Op-Ed: Collaboration Key to Plugging the Workforce Gap in Mahoning Valley

By Guy Coviello, president and CEO of the Youngstown/Warren Regional Chamber, and Jessica Borza, executive director of the Mahoning Valley Manufacturers Coalition

YOUNGSTOWN, Ohio — Various public and private entities across the Mahoning Valley are collaborating to execute a state-organized initiative to fill the workforce talent gap. And it’s working.

It’s working because there’s structure, communication, strong local leadership and funding. Many area organizations are benefitting from the investment, as are jobseekers, many of whom were displaced during the pandemic.

The initiative is called “Ohio To Work,” and credit for it starts at JobsOhio, the state’s private nonprofit economic development corporation. Through the collective leadership and vision of Gov. Mike DeWine, Lt. Gov. Jon Husted and JobsOhio President and CEO J.P. Nauseef, the workforce development issue was identified, a plan was developed to address it and financial resources were allocated.

The concept was piloted in Cleveland in 2020 and expanded to four other regions in 2021, including the Mahoning Valley. It runs through the remainder of this year.

Just what is Ohio To Work, exactly?

Ohio To Work is one answer to the multi-level question seemingly on everyone’s mind: “What is being done to address the worker shortage?” Ohio To Work helps displaced and at-risk Ohio workers find new employment or pursue reskilling opportunities for in-demand jobs by pairing workers with training providers, career support and a network of employers.  

It leverages our regional asset, JobsOhio network partner TeamNEO, and community assets like the Youngstown/Warren Regional Chamber, Mahoning Valley Manufacturers Coalition (MVMC), local OhioMeansJobs offices, Flying High, National Center for Urban Solutions, United Returning Citizens, local career and technical schools, Youngstown State University, Eastern Gateway Community College and others; and it turns up the volume on what they’re already doing.

At the same time, it brings these organizations together to share best practices, tell each other’s success stories and jointly scale their outreach efforts, such as with job fairs and marketing initiatives. Businesses that are hiring are also brought in and asked to commit to hiring the jobseekers that are identified through Ohio To Work.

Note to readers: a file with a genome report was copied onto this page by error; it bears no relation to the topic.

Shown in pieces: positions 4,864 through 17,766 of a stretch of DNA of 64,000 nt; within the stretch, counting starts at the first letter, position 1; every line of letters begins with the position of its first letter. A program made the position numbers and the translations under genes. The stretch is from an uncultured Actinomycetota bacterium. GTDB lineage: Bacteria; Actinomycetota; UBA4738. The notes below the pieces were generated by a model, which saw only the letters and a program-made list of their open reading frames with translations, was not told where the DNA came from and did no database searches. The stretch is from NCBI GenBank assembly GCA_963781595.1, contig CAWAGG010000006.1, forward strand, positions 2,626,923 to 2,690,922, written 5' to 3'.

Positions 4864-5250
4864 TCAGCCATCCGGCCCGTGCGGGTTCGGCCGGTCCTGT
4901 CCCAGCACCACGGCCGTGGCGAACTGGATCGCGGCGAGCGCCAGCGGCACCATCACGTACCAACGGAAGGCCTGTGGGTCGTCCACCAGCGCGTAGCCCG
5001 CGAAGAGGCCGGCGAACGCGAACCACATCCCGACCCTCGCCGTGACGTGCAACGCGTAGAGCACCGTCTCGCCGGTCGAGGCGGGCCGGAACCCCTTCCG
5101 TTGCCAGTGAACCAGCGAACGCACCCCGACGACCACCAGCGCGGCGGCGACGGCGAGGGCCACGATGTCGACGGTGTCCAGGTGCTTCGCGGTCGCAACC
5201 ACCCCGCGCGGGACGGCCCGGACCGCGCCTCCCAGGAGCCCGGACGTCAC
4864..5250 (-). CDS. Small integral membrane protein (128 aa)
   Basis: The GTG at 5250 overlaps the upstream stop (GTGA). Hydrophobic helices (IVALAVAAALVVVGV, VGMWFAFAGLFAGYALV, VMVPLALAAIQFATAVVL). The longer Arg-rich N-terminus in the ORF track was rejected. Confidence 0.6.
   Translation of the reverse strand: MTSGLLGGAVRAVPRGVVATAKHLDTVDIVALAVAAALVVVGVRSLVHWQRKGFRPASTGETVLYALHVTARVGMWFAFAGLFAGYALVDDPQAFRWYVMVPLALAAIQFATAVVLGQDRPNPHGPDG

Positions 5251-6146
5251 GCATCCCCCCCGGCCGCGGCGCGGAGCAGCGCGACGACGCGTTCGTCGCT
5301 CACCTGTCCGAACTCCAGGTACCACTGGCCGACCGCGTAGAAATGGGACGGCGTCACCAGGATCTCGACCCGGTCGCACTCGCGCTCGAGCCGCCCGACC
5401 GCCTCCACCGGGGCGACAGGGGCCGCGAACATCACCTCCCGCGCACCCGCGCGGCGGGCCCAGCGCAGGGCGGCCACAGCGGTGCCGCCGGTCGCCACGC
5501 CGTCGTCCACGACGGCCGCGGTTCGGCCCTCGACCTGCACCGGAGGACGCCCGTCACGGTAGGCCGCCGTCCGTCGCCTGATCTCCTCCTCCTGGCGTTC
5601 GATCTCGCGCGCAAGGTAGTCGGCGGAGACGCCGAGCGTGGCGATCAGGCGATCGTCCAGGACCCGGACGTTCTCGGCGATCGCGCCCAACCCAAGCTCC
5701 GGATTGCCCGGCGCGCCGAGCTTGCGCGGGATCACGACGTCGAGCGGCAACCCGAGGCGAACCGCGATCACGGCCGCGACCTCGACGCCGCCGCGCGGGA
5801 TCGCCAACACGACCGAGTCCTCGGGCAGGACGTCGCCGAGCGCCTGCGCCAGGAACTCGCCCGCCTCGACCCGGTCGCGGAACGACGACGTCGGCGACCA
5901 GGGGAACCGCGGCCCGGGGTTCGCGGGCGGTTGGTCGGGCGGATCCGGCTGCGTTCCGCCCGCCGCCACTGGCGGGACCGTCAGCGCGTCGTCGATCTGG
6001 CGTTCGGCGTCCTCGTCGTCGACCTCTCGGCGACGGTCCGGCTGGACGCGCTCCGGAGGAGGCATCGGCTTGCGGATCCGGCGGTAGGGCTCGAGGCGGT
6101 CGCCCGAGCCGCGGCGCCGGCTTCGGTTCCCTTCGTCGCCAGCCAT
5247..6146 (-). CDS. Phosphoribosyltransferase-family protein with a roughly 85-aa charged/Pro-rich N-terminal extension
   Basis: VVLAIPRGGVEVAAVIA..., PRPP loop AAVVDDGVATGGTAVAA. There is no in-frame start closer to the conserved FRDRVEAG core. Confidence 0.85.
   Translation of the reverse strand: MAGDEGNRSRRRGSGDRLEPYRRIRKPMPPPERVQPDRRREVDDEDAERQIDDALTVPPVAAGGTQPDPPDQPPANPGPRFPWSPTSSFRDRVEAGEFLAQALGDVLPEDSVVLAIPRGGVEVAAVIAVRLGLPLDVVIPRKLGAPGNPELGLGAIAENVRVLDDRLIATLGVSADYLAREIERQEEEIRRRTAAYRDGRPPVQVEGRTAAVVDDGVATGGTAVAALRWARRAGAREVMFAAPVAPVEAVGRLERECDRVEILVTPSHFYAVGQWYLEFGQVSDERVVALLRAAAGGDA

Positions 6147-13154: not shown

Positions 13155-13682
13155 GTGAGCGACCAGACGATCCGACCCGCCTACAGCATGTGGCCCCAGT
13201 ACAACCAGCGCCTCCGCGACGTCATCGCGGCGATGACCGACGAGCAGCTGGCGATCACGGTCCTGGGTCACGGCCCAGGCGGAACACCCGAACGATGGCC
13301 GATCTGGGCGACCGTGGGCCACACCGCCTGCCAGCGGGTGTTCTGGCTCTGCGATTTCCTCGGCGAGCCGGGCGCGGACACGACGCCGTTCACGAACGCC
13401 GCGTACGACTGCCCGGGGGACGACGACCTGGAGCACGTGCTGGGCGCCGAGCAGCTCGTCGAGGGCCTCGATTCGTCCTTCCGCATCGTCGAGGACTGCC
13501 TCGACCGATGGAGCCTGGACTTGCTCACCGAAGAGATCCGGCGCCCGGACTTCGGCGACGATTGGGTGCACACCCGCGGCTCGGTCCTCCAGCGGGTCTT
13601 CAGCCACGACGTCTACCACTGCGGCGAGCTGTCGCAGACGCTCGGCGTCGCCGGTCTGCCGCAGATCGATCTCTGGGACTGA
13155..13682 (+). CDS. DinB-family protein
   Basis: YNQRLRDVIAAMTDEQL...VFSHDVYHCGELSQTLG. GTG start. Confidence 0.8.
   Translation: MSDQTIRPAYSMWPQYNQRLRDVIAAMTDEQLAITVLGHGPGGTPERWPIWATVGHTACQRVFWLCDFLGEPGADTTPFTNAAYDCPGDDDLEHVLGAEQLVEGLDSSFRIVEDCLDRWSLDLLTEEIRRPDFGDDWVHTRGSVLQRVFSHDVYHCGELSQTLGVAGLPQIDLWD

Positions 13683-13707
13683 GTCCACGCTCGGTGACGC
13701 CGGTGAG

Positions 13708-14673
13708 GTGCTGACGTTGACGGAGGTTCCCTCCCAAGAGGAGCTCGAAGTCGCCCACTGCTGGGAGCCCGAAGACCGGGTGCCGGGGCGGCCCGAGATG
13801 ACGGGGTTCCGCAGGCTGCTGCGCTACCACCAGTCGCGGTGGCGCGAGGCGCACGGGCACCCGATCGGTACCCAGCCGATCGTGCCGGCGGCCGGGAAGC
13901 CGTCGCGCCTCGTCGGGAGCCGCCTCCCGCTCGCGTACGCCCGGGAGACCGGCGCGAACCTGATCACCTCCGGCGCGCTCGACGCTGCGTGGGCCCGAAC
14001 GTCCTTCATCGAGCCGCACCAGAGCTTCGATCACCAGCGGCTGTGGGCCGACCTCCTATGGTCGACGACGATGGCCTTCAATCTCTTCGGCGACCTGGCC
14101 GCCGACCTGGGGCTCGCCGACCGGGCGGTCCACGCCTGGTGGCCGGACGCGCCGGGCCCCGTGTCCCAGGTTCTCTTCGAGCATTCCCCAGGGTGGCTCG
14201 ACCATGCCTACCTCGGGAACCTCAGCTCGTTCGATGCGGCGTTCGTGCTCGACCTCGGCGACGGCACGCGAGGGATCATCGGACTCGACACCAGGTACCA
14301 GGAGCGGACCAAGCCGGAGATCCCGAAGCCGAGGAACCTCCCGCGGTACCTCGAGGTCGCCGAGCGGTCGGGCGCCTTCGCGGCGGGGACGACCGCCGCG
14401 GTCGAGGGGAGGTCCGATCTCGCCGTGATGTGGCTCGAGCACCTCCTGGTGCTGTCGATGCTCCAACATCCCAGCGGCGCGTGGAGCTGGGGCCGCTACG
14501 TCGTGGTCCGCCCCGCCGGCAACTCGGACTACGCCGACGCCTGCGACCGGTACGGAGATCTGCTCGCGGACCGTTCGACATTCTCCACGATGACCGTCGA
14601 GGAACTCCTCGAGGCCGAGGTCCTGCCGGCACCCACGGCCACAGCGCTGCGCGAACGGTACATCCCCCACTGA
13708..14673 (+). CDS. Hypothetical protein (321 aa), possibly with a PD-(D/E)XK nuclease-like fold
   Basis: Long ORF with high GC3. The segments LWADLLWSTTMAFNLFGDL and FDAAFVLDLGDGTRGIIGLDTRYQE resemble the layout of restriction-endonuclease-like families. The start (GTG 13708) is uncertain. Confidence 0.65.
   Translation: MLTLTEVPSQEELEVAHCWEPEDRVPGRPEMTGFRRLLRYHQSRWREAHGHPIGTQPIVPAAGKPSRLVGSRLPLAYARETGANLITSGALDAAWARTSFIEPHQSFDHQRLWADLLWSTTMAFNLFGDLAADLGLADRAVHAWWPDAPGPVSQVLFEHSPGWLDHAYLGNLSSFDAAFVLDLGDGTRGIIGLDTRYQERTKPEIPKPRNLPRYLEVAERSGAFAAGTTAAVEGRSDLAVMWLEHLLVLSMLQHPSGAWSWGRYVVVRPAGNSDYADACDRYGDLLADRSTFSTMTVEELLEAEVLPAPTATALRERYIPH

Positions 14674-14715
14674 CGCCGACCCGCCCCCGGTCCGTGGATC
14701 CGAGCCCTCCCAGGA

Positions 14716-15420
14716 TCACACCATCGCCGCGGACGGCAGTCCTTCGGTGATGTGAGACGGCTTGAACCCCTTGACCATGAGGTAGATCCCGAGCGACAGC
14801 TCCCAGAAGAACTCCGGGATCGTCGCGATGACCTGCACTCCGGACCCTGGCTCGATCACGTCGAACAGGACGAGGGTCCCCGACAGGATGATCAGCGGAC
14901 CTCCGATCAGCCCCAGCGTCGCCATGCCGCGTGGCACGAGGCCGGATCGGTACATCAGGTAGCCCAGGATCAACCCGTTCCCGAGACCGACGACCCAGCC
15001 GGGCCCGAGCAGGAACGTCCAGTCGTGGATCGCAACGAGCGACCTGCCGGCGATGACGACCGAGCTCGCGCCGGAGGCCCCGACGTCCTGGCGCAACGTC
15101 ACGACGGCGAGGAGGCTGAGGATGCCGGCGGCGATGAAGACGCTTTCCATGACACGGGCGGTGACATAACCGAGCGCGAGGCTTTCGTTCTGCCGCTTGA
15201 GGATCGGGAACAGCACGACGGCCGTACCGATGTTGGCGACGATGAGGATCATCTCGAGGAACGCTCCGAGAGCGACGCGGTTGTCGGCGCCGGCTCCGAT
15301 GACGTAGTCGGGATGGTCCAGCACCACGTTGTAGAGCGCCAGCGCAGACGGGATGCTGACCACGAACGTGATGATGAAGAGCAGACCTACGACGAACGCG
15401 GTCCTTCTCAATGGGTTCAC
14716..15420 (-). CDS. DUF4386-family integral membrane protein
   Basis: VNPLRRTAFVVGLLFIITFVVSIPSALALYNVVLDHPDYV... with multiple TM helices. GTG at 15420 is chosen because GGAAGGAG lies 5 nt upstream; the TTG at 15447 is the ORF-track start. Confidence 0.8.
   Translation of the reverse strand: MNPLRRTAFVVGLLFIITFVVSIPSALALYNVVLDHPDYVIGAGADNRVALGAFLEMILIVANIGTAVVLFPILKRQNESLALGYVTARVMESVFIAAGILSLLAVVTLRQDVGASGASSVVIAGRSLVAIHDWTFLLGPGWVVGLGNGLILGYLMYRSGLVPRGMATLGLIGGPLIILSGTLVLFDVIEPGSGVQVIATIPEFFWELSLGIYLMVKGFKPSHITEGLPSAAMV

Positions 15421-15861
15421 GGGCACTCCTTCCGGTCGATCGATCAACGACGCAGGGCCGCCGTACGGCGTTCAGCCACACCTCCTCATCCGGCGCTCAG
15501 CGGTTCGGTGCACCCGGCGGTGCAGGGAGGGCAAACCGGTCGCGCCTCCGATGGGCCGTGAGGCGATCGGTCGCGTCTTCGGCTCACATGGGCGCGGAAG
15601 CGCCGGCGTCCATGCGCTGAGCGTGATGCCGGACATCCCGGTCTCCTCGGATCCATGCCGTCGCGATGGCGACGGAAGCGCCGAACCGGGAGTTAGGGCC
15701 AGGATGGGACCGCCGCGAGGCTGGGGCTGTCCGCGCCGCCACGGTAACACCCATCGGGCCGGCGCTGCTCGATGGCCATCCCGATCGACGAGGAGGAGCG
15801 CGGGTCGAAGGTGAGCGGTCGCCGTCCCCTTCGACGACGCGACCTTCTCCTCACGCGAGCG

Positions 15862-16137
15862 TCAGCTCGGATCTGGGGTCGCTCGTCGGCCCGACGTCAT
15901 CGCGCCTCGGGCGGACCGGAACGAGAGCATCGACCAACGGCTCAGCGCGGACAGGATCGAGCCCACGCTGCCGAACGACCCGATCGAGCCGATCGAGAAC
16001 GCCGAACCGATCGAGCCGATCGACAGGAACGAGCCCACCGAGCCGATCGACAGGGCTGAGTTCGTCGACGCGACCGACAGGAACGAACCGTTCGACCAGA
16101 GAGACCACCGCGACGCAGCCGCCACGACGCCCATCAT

I’m not looking for a job. Why should I care about Ohio To Work?

Not all of us are actively looking for work, but we all depend on the goods and services produced and offered at manufacturing plants and healthcare facilities, as well as technology integrators. Those are the industries prioritized with Ohio To Work. And when Ohio goes back to work, we all stand to gain. 

Here is how local partners have implemented Ohio To Work: MVMC serves as the local operations manager coordinating the overall initiative. They engage local workforce development partners like Flying High, National Center for Urban Solutions, OhioMeansJobs in Trumbull, Mahoning and Columbiana counties and United Returning Citizens to identify, recruit and train candidates to be job-ready for available local jobs. 

The Youngstown/Warren Regional Chamber adds its extensive reach of local businesses looking to fill open positions to the mix, which is the No. 1 issue its members face right now. Workforce shortages are curtailing growth opportunities for many Mahoning Valley employers—it’s not just a matter of needing employees to meet the basic needs of an operation. 

Delayed shipments, missed deliveries and capacity constraints can cause manufacturers’ customers to cancel orders and look for other suppliers. Hospitals are asking employees to do more and risk burning them out as they try and maintain the highest standards of care despite being shorthanded. IT is a growth industry, as well, and cannot afford to fall behind as more and more technology is added to our daily lives and those of many area businesses. 

By working together and adding funding to increase marketing, recruiting, coaching and training, Ohio To Work has proven to be both an injection into our Valley’s economic engine—with most of the dollars staying local—and a path into rewarding, long-term career opportunities for our unemployed, under-employed and recently graduated local workforce.

We applaud the effort of JobsOhio not only for funding Ohio To Work, but for including the Mahoning Valley in its reach. A pilot program initiated in Cleveland in 2020 was expanded into Columbus, Cincinnati-Dayton, Toledo and here a year later. Ohio To Work is well on track to achieve its desired targets for attracting much-needed talent and employing the state’s displaced workers.

We also applaud the collaborative spirit of the local entities receiving JobsOhio funding. It’s an honor to be entrusted as the steward of these funds—funds that are meant to address such high-profile and meaningful issues for our fellow Ohioans both on the employer and employee side of the equation. 

To learn more about the local Ohio To Work initiative, visit OhioToWork.com/mahoning-valley.

Published by The Business Journal, Youngstown, Ohio.